Overt and obvious expressions of anti-Jewish animosity are easiest to categorize as anti-Semitic incidents, and the vast majority of incidents in the 2011 ADL Audit of Anti-Semitic Incidents do reveal such overt expressions of anti-Semitism. Swastikas spray-painted on synagogues or on tombstones in Jewish cemeteries, and epithets like "dirty Jew" directed against people wearing identifiable Jewish clothing (such as kippot), are all clear evidence of anti-Semitism. More difficult to classify are situations in which, for example, a Jewish institution is vandalized without any specific anti-Semitic graffiti. For the purposes of this report, any deliberate and gratuitous destruction of a Jewish institution (such as broken windows or display cases), are included in the Audit. Therefore, a stone thrown at a synagogue window, even without any markings of definitive anti-Semitic intent, is considered anti-Jewish hostility. Continuing an adjustment made in 2009, the Audit does not include in its totals swastikas that do not target Jews, such as those that explicitly target other minorities or those that are used out of context simply for shock value. This methodology acknowledges that despite its strong association with Nazi Germany, the swastika is no longer exclusively used to express hate against Jews, but rather has become a universal symbol of hate. While anti-Semitism that occurs in cyberspace is a matter of great concern to ADL, the Audit has never included, and does not now include, expressions of hate that occur regularly on thousands of websites, comments sections and other online forums. Such instances, while very troubling, are virtually impossible to quantify. ADL does, however, receive and address reports from community members who have seen anti-Semitic content online. In addition, when an individual is targeted personally in an online environment and feels threatened, such an incident would be included in the Audit. In this respect, the Audit is intended to serve only as a barometer looking at one small piece of a larger societal problem.

ADL generally counts as anti-Semitic harassment the distribution of neo-Nazi and anti-Semitic materials to individual Jews, or the placing of such items on their property. This also holds true if the material is sent to a Jewish institution or posted in a public area. While the Audit does not generally include criticisms of Israel or Zionism, it does include them if they cross the line from political expression to anti-Semitism by invoking classic anti-Jewish stereotypes; inappropriate Nazi imagery or analogies; or references that delegitimize, demonize, and/or demonstrate a double standard about Israel. Public expressions of anti-Israel sentiment that are so extreme as to demonize Jews or create an atmosphere of fear or intimidation for U.S. Jews are counted. A series of apparently related incidents, such as similar anti-Semitic graffiti painted on several neighboring Jewish properties in one night, or a mass mailing of anti-Semitic material to many recipients in a particular neighborhood, counts as one incident, even though many people may be affected. ADL also receives complaints of anti-Semitism directed at non-Jews. Such anti-Semitic slurs, threats or vandalism "mistakenly" carried out against targets perceived to be Jewish, or purposefully directed against non-Jews believed to be sympathetic to Jewish causes, are signs of anti-Semitic behavior and are included in the Audit. Incidents that are reported anonymously represent an obstacle to maintaining the Audit's integrity. ADL has intensified its efforts to corroborate reports of anti-Semitic activity to assure accuracy, and to respond effectively to such acts. While it is relatively easy to authenticate acts of vandalism against Jewish institutions or in public areas, verifying incidents of verbal harassment and slurs is more challenging. ADL does not include in the Audit cases of alleged employment discrimination in hiring, firing or promotion, unless the situation includes evidence of overt anti-Semitism. A claim of discrimination in and of itself, based on inferences of anti-Semitism because of alleged unequal treatment in work assignments or denial of time off for holiday observance, is not considered an incident for the purposes of the Audit. Events (and threats of events) which create an atmosphere of fear and intimidation to Jews, including neoNazi and white supremacist events, rallies, and speeches, are counted. The Audit encompasses criminal acts such as vandalism, violence, and threats of violence, as well as noncriminal incidences of written and verbal harassment and intimidation that occur in the U.S. While such anti-Semitic incidents are certainly not limited to the U.S.and are at times reported to ADL from Americans living abroadsuch incidents are not counted for the purposes of ADL's Audit, which is meant as a barometer of domestic anti-Semitic activity.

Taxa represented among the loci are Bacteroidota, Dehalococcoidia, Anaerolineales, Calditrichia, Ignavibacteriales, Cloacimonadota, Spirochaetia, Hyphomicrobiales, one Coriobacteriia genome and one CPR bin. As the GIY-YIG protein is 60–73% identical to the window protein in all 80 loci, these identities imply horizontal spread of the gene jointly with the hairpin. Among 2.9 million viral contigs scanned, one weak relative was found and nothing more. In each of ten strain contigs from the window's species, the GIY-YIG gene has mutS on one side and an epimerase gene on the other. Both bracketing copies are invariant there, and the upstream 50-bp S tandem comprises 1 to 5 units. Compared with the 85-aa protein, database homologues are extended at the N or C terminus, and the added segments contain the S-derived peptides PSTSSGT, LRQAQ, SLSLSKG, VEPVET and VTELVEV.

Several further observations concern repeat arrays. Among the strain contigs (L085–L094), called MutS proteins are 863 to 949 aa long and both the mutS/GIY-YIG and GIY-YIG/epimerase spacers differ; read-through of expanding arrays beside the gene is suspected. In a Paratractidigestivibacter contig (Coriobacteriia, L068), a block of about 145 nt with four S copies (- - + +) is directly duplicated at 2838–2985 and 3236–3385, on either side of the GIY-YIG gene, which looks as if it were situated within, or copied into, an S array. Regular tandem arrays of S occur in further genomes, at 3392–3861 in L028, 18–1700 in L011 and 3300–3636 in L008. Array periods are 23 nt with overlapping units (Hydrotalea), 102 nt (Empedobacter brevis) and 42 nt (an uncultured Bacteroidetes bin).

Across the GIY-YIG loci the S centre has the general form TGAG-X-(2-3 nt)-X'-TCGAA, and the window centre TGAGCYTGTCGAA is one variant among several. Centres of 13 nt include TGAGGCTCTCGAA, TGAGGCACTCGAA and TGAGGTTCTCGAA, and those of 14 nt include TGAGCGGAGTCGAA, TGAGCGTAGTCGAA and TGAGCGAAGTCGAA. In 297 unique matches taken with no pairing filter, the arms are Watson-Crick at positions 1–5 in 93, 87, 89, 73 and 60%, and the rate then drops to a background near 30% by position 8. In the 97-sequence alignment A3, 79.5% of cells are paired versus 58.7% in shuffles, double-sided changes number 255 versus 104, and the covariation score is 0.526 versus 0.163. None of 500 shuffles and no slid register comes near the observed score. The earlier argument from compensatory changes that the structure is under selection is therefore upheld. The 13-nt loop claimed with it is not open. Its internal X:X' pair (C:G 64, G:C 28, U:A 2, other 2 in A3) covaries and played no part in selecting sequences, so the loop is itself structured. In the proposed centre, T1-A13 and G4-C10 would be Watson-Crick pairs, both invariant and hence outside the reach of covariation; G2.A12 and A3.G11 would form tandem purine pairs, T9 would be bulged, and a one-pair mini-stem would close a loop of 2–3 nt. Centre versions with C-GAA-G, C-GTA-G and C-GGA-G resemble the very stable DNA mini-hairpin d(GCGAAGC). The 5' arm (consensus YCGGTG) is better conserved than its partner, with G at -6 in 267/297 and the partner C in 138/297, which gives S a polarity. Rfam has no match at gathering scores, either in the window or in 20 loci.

Continuing a consistent trend, the states with the highest totals were those with large Jewish populations. The top four states were California, with 235 incidents in 2011, down from 297 in 2010; New York, with 195 incidents, down from 205; New Jersey, with 144 incidents, up from 130 and Florida, with 111 incidents, down from 116.

According to the ADL Audit, other states with double-digit totals in 2011 include Massachusetts (72, up from 64 in 2010); Pennsylvania (38, down from 42 in 2010); Illinois (21, down from 28); Connecticut (43, up from 38); and Texas (17, down from 37). The following is the state-by-state breakdown of incidents for 2011:

The Anti-Defamation League, founded in 1913, is the world's leading organization fighting anti-Semitism through programs and services that counteract hatred, prejudice and bigotry. 9